All maintained schools must provide daily collective worship for all registered pupils (apart from those who have been withdrawn by their parents). This is usually provided within a daily assembly. Under the School Standards and Framework Act 1998 (please see the link on the right), the headteacher is responsible for arranging the daily collective worship after consulting with the governing body. Daily collective worship must be wholly or mainly of a broadly Christian character. The precise nature will depend on the family background, ages and abilities of the pupils. Most schools should be able to include all pupils in their act of collective worship. There may be cases, however, where, in view of the family background of some or all pupils, the headteacher and governing body feel that a broadly Christian act of worship is not suitable. In these circumstances, the headteacher can apply to the local SACRE for a determination to have the Christian content requirement lifted. Collective worship can take place at any time in the school day and the whole school does not need to get together at the same time. Collective worship can be organised into form groups or year groups or whatever is appropriate for the school. It cannot be organised in faith groups unless a determination has been sought and granted by the local SACRE. Collective worship, whether in assembly or tutor time, will: - be acceptable to the whole community, staff and pupils - include a variety of elements at different times- involve the pupils. Collective worship in foundations schools with a religious character and voluntary schools will be in accordance with the school's trust deed or in accordance with the beliefs of the religion or denomination specified for the school. Westminster SACRE has produced guidelines for collective worship in its document "Things of the Spirit", a copy of which is available on the right. Guidance on collective worship can also be found in DfE's Circular 1/94 (please see the link on the right). Although this guidance has been replaced by guidance published on 29 January 2010 in so far as it relates to religious education, the guidance on collective worship contained within Circular 1/94 remains current. TeachersTeachers cannot be required to lead or attend collective worship except where the law provides otherwise. This would normally only happen in a maintained school with a religious designation.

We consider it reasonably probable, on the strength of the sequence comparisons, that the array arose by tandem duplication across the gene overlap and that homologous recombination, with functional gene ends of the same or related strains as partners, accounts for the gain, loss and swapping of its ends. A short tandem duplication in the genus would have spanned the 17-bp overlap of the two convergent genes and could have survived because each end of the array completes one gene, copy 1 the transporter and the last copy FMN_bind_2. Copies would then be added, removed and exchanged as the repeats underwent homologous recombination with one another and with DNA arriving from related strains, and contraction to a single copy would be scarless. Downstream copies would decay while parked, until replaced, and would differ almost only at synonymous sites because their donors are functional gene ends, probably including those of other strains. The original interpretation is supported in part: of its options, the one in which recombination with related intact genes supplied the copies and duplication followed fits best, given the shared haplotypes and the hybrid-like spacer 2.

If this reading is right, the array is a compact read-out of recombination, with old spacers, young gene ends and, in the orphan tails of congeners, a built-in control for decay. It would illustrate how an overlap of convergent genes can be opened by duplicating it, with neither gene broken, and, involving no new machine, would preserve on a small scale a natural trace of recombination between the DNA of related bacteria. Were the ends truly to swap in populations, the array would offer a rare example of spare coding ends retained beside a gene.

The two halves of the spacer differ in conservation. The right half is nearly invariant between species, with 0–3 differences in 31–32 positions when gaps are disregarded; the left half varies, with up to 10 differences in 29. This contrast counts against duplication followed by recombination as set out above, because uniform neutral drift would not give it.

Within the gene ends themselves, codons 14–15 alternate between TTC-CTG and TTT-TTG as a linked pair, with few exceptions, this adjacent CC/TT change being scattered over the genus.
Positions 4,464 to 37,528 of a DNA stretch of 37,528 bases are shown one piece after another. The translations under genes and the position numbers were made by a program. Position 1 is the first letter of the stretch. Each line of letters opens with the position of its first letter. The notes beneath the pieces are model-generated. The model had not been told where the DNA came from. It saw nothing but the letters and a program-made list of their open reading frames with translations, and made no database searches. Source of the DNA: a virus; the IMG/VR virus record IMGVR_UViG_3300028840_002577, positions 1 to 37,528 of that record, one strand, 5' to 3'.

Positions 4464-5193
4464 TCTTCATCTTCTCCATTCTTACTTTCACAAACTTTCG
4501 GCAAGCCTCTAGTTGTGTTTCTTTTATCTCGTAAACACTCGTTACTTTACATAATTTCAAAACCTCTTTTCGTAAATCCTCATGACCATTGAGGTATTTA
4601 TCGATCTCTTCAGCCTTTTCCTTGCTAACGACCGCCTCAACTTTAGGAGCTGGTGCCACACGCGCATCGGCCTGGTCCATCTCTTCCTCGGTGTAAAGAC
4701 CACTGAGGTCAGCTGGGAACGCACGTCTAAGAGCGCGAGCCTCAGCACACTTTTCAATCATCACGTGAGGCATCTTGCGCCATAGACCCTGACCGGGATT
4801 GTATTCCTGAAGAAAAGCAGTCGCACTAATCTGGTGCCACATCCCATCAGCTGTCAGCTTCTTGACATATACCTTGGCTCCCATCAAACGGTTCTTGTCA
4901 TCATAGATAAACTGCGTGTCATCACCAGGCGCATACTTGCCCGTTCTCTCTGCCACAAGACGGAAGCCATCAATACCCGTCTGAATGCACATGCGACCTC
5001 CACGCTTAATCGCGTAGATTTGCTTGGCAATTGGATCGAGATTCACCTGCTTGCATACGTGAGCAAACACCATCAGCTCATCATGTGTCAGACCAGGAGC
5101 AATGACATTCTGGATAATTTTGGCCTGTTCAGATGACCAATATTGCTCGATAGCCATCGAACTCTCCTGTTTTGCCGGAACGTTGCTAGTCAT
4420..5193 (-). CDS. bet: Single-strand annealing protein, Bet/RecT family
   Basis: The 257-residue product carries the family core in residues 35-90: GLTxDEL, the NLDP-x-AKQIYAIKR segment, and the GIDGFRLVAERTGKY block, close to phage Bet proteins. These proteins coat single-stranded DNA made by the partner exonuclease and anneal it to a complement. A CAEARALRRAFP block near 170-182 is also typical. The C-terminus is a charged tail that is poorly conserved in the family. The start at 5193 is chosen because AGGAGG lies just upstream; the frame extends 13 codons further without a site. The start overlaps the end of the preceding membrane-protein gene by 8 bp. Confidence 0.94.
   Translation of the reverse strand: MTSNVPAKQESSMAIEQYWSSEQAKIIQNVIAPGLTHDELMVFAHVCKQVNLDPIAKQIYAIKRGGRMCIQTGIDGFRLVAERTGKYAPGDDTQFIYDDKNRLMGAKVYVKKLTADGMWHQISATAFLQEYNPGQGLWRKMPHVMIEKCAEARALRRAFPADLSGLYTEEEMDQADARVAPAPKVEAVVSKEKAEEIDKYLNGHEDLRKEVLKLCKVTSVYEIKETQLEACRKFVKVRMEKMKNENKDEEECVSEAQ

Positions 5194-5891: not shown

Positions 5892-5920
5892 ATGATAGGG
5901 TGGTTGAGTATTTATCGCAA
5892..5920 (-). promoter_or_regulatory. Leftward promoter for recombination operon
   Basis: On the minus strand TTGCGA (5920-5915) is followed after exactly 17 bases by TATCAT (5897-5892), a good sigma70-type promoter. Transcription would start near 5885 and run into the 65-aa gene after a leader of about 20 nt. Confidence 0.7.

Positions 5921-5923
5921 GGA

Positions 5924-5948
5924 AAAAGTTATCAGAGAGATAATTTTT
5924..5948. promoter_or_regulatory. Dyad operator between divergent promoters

Westminster Agreed Syllabus
In the first decades of the twentieth century there were disputes around the country about what could and should be taught about religion in publicly funded elementary schools. A number of local authorities sought to settle the matter by bringing together interested parties, typically Anglican clergy, free church people, teachers and councillors to sort out a voluntary agreement that could be commended to schools. The model was given statutory force by the 1944 Education Reform Act. Subsequent legislation has given some specification about the content of agreed syllabuses and requires each local authority to review its agreed syllabus at least once every five years. Currently all legislation relevant to agreed syllabuses is contained in the Education Act 1996. Guidance on interpreting legislation relating to RE is provided in the document "Religious Education in English Schools: non-statutory guidance 2010". This document also makes recommendations as to good practice.